(c) all rights reserved · eulogy · exploitation · poetry

Earthweal OLW 6 — Failed experiment

A convention center in Wuhan, China, converted into a temporary hospital, Feb. 6, 2020.

Reading Brendan’s essay about how things with the weather are speeding up and getting stronger, along with the photo he used showing the beds lining up in a convention center turned hospital in Wuhan, China for the viral epidemic going on, an image flashed into my mind, where I wondered what it would be like to see our Mother Gaia from outside of our atmosphere. What would I see? Then I asked myself, who would “I” be; from whose character should I view our struggling mother? I chose to write from the perspective of a sentient virus. Size and form aren’t relevant; effect is.

Failed Experiment

In my viral cocoon, rolling gently in her grip, I watch her.
Clinical assessment written in final page of the logbook:

Date: 2/7/2020

“Skin abraded in splotches,
Thrush-coated cankers
Blues spawned grey fringes
Large patches of denuded skin
Distressed, with quick shallow respiration
She trembles, consumed with fever

Homeostasis gone a-kilter
She’s gasping her last.”

Why have I done this?
Compelled, with and without reason,
On a mission of total annihilation
Encoded with anti-circles
In a circular home.
Bestower’s failed experiment.

Stowaway riding a missionless satellite
(Cable TV on permanent hiatus.)
Impervious to no atmosphere;
Ready to spring whenever.
A microscopic Trojan Horse,
Rocking to Armageddon’s lullaby.

Brendan is the host of Earthweal’s Open Link Weekend.  Brendan says:
Share a poem, short or long, new or old.

41 thoughts on “Earthweal OLW 6 — Failed experiment

  1. Oh WOW! Fantastic perspective, and made me see the planet as you describe………….yes, I believe the human experiment has failed. Or maybe some of us forgot their humanity and morphed into something ghoulish. This is one incredible read. Fabulous.

    Liked by 1 person

        1. No I haven’t. I know it may be difficult to understand but I’m still trying to get over what was chosen — that story ended up winning first prize by the judges! Just found out a few days ago. Once I get it out of my system will try again. Thank you for asking.

          Liked by 1 person

          1. I know Lisa…It would bug me also. You are fighting against the judges likes sometimes and not what is good.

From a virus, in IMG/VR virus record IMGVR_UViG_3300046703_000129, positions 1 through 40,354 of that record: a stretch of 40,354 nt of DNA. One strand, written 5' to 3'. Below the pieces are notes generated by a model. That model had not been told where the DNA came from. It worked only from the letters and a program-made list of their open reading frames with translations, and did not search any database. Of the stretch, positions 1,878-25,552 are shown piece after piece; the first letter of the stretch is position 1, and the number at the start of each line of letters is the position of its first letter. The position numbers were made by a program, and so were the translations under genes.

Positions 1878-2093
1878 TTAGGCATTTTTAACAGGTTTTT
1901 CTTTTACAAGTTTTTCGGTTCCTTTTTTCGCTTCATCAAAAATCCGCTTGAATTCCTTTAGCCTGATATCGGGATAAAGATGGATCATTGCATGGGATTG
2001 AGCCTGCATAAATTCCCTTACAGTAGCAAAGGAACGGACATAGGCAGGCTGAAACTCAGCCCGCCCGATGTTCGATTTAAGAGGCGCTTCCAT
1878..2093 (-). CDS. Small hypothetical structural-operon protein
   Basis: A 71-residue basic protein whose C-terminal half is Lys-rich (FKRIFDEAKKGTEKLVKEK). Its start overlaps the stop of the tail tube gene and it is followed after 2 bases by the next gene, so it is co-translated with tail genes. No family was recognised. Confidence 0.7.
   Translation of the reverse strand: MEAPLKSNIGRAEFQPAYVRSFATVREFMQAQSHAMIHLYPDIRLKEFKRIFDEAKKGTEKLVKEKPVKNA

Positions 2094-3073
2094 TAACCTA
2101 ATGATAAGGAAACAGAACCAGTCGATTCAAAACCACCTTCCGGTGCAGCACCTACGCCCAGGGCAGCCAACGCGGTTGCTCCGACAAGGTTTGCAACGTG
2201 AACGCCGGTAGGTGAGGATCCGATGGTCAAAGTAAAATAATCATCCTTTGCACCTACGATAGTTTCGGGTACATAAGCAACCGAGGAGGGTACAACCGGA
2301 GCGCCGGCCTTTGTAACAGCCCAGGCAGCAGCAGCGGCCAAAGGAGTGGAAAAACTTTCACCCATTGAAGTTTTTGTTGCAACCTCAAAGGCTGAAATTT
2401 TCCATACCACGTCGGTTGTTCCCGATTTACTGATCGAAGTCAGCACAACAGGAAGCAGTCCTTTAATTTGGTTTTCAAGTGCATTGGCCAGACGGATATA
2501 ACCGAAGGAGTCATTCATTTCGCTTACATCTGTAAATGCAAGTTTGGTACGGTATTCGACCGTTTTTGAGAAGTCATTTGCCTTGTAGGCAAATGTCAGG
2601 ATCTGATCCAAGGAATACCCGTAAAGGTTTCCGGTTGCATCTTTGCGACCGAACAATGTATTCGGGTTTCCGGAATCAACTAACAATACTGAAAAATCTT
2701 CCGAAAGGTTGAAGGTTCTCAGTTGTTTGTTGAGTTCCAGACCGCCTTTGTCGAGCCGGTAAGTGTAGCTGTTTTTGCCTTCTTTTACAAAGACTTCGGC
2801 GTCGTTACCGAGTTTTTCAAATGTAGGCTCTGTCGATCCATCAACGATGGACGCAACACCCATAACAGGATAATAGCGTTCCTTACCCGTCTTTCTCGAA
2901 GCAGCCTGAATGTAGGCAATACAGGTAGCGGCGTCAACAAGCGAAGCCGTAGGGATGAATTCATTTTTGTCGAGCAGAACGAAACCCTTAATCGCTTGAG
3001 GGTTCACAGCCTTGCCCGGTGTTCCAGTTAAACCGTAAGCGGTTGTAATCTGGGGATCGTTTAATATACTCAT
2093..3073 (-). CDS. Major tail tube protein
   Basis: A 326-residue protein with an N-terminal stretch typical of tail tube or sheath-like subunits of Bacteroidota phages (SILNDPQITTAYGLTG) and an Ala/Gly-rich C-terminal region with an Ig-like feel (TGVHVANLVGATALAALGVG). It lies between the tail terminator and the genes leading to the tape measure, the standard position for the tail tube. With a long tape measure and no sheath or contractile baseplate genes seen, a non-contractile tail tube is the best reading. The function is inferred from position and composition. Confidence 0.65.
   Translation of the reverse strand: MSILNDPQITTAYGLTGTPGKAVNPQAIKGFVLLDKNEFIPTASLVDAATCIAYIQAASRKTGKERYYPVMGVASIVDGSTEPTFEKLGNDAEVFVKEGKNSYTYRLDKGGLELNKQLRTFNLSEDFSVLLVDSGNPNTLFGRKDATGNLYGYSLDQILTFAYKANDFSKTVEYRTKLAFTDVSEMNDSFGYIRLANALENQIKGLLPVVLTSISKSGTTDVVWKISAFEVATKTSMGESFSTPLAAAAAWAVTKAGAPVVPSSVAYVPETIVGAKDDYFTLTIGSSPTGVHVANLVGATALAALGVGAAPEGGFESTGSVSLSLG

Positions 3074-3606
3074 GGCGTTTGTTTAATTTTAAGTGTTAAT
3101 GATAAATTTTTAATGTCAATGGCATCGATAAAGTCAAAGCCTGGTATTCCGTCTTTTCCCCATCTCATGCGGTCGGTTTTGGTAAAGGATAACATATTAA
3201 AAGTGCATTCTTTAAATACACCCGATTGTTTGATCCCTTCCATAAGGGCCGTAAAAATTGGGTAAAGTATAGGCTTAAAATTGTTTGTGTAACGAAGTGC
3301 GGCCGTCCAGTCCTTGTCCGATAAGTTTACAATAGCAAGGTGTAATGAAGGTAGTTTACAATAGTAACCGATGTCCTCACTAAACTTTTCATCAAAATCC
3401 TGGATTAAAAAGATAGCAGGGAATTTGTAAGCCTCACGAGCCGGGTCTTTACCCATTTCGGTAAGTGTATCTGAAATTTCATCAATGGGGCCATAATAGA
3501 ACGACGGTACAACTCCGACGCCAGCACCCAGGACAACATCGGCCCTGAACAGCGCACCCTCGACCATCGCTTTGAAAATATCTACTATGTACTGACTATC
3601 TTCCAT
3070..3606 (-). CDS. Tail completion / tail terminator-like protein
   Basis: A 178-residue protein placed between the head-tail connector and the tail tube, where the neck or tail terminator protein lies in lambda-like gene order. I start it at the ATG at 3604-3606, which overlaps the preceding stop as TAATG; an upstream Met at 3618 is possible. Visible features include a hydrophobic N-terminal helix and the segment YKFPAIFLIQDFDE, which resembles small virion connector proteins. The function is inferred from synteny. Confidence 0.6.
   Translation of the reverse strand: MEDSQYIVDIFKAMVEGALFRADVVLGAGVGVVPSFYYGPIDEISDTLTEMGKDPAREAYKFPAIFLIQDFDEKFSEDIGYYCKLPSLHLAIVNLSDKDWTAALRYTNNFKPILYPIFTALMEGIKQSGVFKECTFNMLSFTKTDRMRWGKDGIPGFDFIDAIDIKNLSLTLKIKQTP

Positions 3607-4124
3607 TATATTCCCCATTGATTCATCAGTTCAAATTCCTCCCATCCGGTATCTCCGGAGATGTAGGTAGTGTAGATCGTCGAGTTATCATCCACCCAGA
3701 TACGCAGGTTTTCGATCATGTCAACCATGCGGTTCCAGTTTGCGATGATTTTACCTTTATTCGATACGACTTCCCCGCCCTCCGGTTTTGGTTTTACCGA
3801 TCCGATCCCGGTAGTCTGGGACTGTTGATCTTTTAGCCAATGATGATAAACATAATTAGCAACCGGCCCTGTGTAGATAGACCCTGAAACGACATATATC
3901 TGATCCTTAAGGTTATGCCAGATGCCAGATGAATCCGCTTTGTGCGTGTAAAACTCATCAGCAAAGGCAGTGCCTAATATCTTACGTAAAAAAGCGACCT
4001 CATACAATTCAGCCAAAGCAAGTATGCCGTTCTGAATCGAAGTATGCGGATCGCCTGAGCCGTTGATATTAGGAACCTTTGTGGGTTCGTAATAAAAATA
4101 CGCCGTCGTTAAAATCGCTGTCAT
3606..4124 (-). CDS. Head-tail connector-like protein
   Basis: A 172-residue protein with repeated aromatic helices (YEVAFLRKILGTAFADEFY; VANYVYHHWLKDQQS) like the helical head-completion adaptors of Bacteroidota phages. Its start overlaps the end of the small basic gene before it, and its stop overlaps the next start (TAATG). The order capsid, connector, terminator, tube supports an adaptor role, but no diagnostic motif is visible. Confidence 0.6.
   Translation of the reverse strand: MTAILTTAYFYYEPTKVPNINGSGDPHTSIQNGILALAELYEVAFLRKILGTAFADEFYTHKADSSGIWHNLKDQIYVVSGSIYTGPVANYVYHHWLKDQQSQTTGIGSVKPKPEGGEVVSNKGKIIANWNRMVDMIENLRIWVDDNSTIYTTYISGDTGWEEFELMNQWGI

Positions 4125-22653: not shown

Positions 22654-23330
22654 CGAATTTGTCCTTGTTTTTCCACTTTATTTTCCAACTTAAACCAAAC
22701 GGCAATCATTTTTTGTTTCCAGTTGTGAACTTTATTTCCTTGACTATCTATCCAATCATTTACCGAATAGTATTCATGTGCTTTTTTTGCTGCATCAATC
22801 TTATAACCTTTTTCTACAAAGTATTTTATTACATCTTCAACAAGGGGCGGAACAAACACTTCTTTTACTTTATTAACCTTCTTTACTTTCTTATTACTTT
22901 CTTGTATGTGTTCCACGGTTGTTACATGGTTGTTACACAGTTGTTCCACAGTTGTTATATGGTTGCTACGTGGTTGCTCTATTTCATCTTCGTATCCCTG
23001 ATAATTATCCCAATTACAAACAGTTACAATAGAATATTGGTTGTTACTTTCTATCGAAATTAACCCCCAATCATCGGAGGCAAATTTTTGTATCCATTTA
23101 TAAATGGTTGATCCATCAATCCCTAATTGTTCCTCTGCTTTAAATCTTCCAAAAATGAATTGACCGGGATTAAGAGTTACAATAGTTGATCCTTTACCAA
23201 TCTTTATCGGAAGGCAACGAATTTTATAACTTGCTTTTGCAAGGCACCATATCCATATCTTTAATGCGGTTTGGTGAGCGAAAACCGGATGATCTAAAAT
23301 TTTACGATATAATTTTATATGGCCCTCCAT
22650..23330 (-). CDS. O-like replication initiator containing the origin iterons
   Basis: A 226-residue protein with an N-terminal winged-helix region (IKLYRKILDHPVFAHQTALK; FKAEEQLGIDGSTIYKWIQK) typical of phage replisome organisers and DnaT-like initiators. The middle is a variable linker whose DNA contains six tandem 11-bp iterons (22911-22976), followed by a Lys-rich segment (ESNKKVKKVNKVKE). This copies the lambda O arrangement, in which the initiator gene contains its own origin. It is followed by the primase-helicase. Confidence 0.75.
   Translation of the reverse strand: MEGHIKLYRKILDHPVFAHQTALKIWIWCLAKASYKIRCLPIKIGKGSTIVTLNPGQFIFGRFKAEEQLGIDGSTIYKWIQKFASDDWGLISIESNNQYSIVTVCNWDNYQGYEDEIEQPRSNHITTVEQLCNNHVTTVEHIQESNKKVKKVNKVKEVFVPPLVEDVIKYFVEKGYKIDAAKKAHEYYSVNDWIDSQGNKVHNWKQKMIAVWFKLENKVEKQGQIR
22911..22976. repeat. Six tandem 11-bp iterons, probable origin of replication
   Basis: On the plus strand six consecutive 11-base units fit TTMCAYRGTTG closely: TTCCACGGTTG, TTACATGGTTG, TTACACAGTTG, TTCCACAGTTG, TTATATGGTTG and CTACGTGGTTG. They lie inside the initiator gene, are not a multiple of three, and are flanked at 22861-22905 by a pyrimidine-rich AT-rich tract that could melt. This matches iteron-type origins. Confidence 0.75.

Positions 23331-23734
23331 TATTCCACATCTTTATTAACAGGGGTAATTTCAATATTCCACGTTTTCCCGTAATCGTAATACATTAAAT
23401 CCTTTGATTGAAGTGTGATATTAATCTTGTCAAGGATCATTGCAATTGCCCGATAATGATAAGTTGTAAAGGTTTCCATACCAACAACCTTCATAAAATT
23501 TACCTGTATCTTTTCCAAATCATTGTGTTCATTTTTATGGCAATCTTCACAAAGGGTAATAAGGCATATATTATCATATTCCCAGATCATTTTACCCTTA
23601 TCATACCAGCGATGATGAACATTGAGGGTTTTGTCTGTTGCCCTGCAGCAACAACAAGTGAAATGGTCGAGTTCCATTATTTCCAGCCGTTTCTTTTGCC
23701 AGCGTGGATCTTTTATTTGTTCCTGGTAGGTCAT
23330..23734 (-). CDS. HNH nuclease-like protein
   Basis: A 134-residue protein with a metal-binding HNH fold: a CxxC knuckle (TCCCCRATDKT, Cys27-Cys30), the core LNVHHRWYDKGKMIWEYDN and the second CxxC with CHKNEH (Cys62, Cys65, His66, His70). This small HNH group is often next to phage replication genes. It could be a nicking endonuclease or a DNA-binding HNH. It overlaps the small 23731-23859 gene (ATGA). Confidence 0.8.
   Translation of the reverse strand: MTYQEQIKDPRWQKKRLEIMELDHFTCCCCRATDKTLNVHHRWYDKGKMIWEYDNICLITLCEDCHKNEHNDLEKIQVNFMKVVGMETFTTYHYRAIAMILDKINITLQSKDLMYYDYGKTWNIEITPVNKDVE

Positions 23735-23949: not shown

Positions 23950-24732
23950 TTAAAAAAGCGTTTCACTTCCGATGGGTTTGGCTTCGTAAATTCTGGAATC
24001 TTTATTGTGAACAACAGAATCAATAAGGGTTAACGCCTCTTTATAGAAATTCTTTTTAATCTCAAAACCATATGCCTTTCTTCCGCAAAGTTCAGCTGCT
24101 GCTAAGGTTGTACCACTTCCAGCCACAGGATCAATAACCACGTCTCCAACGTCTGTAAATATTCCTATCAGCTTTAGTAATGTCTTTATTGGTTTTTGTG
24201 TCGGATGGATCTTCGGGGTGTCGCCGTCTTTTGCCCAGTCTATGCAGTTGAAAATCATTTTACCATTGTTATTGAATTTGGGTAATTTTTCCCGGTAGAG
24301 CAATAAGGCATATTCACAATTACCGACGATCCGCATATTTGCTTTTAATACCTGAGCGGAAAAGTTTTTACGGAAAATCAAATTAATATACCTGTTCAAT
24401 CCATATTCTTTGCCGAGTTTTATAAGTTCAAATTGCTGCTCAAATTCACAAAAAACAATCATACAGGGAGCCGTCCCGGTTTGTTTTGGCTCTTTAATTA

You are good though and just stay true…and it will happen. Good always comes through in the end.

            That sounds like a Hallmark card but I mean it.

            Liked by 1 person

  2. Wow! This is our current situation, expressed graphically. And strange! I posted a link at earthweal in the comment section about a woman for whom only the Gaia image came to my mind. And here I find the mention for the second time.

    Liked by 1 person

    1. You’ll probably be hearing it a lot more. Thinking of Mother Earth as a single, living organism that has a system for maintaining (or not) homeostasis will make more sense as those systems fail.


  3. Very thoughtful and powerful idea here — viewing the stricken Earth from the outside — seeing the obvious and revealing what a virus humanity is. Well done. The Earth is heating faster than it ever has in the past, it’s important to remember that the 800 degree hothouse of Venus is a combination to too much carbon in the air and a sudden increase in solar heat some 2 billion years ago. Imagine a major carbon-spewing volcanic eruption or giant solar flare — some natural phenomenon — throwing octane on this human-induced inferno we’re creating. Yikes. – Brendan

    Liked by 1 person

  4. Totally original and terrifying poem; also one that shows very clearly how alienated humanity is from itself, and from its mother earth, as well as how destruction effects the personal in every way, while itself being totally impersonal. A frightening but enlightening read.

    Liked by 1 person

    1. Hedgewitch, thank you. I was spurred by Brendan’s essay. Yes, humanity has been led so astray by organized religion and unhealthy cultural practices, especially patriarchy and competitiveness, we have lost self-awareness of all you mention. Thank you again for your insightful comment.


  5. The Trojan horse…we get what we deserve.
    And I meant to tell you, that image on the heading of your blog, I swear it looks like my baby tulip tree that the deer ate.

    Liked by 1 person

    1. Thank you for your comment. That tree is a ginkgo. I’m sorry the deer ate your baby tulip tree. They like nibbling on my hosta in summer and on the shrub twigs in winter.


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